Story — From the April 2015 issue

If You Cannot Go to Sleep

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First, she tries counting. The numbers move sluggishly through her head in single file, like people in a line at the post office or at the bank or at the discount supermarket where you can only pay with cash so the line is always long and she is always frustrated by the time she reaches the counter, and so, to compensate, she always tries to be extra- friendly to the cashier, to be sure to instruct him or her to have a nice day after she gets her change back, because it seems worse, somehow, to be a cashier in a discount supermarket than it would be to do the same job at a place that sold expensive gourmet foods, although when she thinks about this now, so late at night that she doesn’t even want to look at the clock to find out the time, she thinks, Why would it make a difference whether you ran a cash register at a place where people buy brie and figs and Ethiopian fair-trade coffee, instead of at a place where people buy Pampers and Wonder Bread? In reality, she thinks, working at a gourmet market is probably worse because of the annoying people who shop there, the men and women in stylish business-casual clothing, or athletic wear because they are coming from or going to the gym, all of them buying organic heirloom tomatoes and the latest variety of ancient grain that is supposed to make you live forever and all of them exuding an air of self-satisfaction, of superiority, of knowledge that they are worthy and admirable and enlightened beyond ordinary mortals and wanting to chat with the cashier about his or her day and about the food they’re buying and the fabulous, complicated meal that they’re going to make with these ingredients, which is really just another way of showing off when you get right down to it. Do you really want to see those people every day? On the other hand, at the discount supermarket you might see people buying weird, sad, lonely food, like the man who’d been in front of her in line the other week who was severely overweight and buying twenty frozen dinners and nothing else, or the unnaturally skinny woman buying a big crate of caffeine-free diet soda and nothing else, or the mother with three children trying to figure out what she could afford with her WIC voucher, carefully watching the total as it came up on the screen, putting aside the things in her cart that she could not afford that week. For a cashier, that had to be depressing. Add to that the threat that you would be replaced any day now with one of those automatic swiper machines that don’t actually work and always require assistance before the customer can check out, and you have a pretty unhappy work environment as a cashier one way or another.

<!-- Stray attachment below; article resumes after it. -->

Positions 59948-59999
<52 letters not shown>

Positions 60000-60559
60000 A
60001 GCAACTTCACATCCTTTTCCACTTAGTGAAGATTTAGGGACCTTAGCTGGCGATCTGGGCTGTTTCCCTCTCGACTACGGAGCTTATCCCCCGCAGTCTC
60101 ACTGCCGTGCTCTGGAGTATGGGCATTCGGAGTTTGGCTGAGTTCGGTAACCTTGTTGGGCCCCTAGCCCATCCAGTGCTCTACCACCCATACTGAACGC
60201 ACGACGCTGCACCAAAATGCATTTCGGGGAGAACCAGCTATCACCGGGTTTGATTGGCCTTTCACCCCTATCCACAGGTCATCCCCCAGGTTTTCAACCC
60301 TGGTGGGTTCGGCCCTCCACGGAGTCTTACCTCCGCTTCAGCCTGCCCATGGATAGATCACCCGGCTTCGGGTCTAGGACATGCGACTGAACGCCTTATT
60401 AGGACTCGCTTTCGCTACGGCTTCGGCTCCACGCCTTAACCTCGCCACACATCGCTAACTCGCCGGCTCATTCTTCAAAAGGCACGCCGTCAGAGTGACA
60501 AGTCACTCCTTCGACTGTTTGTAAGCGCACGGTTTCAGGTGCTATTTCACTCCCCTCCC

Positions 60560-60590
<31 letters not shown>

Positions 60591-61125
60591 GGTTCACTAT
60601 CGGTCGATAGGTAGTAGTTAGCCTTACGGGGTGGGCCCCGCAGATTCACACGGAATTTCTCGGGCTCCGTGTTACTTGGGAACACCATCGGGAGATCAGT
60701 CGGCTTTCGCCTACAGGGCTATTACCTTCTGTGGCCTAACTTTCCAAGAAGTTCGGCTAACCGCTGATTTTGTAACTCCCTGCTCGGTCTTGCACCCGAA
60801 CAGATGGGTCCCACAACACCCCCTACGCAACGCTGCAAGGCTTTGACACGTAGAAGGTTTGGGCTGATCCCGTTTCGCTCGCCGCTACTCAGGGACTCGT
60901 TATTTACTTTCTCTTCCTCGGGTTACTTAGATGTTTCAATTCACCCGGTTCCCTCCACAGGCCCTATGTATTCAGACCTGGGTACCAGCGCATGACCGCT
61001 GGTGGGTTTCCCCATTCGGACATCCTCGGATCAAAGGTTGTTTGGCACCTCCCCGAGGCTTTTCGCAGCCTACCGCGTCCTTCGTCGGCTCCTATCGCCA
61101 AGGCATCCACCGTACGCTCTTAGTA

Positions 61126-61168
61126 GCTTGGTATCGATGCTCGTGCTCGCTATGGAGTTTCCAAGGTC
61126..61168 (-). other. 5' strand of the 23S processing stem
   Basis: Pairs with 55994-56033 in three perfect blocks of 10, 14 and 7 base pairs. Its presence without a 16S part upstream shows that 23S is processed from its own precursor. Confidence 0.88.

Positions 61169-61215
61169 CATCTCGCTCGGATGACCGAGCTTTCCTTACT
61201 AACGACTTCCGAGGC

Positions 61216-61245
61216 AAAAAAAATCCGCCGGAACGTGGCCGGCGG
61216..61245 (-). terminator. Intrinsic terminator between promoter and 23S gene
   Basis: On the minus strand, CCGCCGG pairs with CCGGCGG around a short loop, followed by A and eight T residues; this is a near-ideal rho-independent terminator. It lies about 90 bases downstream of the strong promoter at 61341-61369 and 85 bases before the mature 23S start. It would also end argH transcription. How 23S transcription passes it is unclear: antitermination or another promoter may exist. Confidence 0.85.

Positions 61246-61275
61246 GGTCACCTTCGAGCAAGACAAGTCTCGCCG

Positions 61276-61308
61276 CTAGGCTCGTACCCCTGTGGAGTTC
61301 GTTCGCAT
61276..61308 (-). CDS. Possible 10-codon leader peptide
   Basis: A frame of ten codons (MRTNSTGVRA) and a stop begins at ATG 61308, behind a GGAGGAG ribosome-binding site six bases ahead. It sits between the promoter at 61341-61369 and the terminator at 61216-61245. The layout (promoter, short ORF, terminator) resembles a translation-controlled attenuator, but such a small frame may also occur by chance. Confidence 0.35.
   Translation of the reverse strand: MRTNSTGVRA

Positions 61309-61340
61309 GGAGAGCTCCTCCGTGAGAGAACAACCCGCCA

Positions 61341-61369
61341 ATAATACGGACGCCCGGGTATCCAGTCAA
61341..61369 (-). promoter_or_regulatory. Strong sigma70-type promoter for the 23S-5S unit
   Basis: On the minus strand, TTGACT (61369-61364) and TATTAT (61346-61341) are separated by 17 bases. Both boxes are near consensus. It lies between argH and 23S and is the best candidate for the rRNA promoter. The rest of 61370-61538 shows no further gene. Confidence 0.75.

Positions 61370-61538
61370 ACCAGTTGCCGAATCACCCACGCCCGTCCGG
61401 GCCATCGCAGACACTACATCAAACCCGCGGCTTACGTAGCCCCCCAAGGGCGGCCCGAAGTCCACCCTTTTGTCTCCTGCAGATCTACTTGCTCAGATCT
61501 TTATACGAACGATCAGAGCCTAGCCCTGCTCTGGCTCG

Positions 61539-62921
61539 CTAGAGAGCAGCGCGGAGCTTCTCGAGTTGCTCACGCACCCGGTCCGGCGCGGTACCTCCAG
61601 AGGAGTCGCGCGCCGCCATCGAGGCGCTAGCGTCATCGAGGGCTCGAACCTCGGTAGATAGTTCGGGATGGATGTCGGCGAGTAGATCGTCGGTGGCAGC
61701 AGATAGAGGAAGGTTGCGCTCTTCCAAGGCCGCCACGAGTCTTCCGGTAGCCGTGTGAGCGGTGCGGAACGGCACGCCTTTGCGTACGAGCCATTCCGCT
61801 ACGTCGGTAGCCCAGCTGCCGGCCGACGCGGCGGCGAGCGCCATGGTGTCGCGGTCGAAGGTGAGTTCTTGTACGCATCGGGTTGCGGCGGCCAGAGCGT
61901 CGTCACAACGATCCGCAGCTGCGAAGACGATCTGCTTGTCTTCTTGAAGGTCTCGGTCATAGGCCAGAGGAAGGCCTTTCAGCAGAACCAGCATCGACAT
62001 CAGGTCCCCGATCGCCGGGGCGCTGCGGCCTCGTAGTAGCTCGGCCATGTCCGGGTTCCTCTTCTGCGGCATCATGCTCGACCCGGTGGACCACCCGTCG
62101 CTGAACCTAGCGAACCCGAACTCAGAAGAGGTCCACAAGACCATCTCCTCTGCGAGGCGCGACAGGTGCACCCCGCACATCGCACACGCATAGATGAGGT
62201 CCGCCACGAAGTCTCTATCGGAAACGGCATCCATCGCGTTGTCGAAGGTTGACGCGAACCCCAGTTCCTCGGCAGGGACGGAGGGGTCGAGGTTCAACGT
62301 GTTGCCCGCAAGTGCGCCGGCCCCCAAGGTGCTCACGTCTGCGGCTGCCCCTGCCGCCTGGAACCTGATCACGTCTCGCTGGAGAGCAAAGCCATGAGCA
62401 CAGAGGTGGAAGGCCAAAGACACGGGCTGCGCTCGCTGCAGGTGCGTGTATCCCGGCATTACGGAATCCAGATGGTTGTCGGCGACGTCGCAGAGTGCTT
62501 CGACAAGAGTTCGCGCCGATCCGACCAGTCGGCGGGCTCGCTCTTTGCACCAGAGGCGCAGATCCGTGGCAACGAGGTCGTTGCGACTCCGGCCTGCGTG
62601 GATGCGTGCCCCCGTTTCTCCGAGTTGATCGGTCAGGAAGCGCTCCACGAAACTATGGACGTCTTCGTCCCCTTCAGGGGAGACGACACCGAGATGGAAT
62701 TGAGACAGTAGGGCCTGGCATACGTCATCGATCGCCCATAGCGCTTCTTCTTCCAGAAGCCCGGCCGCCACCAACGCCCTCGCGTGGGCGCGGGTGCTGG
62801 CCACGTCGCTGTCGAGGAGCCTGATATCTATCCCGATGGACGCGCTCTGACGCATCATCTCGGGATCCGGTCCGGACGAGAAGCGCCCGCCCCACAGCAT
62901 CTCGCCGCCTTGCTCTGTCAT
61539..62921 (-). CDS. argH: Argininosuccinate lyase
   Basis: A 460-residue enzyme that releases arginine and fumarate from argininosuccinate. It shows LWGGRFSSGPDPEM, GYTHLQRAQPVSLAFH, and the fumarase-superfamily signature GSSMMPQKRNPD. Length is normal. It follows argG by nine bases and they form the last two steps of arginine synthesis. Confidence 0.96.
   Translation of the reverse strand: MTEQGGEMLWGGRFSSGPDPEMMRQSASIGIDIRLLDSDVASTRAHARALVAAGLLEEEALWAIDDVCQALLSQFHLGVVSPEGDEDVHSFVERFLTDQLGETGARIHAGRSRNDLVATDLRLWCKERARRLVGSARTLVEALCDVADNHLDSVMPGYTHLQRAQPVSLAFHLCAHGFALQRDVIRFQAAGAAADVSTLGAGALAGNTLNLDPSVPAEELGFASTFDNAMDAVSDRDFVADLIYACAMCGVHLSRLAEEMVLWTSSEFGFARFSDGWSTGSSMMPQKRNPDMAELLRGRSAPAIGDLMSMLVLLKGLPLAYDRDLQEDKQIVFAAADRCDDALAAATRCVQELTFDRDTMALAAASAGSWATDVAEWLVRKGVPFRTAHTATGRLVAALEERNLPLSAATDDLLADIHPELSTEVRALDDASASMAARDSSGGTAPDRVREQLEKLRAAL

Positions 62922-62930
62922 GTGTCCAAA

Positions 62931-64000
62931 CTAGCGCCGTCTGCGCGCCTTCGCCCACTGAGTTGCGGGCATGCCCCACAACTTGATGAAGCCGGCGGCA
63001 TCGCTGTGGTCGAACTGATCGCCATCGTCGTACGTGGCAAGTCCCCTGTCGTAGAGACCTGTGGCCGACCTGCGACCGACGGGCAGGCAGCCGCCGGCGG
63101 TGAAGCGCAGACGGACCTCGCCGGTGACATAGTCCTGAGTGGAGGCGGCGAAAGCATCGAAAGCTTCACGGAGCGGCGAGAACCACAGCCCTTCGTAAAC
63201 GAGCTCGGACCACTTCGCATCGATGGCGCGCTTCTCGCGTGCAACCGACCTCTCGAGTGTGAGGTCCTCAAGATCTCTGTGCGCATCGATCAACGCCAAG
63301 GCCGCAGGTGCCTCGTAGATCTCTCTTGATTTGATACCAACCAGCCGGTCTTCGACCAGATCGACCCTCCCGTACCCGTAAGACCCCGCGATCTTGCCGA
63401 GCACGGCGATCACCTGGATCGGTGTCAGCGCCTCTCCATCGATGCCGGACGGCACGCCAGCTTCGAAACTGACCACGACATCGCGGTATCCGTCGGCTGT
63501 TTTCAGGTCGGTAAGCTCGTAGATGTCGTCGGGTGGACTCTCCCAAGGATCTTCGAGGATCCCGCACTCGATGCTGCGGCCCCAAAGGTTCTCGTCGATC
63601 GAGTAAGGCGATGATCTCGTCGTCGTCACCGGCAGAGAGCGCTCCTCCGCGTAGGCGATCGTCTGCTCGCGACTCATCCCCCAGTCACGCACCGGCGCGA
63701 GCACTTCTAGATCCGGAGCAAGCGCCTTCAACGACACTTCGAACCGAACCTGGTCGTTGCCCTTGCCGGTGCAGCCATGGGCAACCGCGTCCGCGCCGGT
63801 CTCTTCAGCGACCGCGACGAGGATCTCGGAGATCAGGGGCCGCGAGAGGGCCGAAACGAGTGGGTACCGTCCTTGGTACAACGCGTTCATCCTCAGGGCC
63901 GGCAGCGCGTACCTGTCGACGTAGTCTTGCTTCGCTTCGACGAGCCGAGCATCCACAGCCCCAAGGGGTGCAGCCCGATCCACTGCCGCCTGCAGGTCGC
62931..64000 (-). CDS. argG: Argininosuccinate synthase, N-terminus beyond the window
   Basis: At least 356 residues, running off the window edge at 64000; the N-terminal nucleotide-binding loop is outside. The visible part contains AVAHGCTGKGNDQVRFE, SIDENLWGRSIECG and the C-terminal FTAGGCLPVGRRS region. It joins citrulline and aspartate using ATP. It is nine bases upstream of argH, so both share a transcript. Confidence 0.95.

“White Dots,” by Mary Ellen Bartley, from her series Sea Change Courtesy the artist and Yancey Richardson Gallery, New York City

“White Dots,” by Mary Ellen Bartley, from her series Sea Change. Courtesy the artist and Yancey Richardson Gallery, New York City

Or maybe she is just being a snob and actually being a cashier can be a fine job and it’s only because of her particular privileged background that she assumes it would be miserable rather than fulfilling to be a cashier, because how would she know? The closest she ever came was waiting tables at a restaurant and that job was not terrible, she still has some good memories of the characters that she met among the customers, the man who came up to the counter and asked her if she could recite any Shakespeare and she spoke aloud the prologue to Henry V because she knew it by heart, or the time she . . . well, actually that is her only good memory of that job, the rest of it was boring or unpleasant and involved mopping floors and stacking dishes and wiping down tables and anyway she knew that she was going to leave and go away to college and that this wouldn’t be her job for the rest of her life, she would be able to go on to something better or something that at the time she thought would be better. She did go to college, and she majored in French, and she lived in Paris for a few years after she finished her degree and now she works translating technical manuals and she used to be married to a man who appeared to be steady and reliable if a little dull, qualities that she told herself were a good antidote to her own tendency to fret too much about small and insignificant things, and who had a successful career in hospital administration, but who suddenly, about six months ago, came to the conclusion that he’d had enough of expending his energy and intelligence working in a health-care system organized for the benefit of for-profit insurance companies, and decided to move to France. She found this moderately ironic since, when she had been yearning a few years previously to ditch everything and go back to Paris, he had insisted that they could not do this because he’d put too much time and effort into developing his career in the United States and he did not want to throw away what he’d worked so hard to build. She pointed this irony out to him during the brief period after he’d announced that he was moving out but before he had actually departed for good, and although he readily agreed with her that, yes, there was some irony in his choice, he did not change his mind. He said that she worried too much and that he didn’t want to deal with it anymore. And she said: This won’t make me worry less. And he said: I know, but it will no longer be my problem.

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is the author of a novel, The Last Summer of the World. W. W. Norton will publish her first story collection, Viral, in June.

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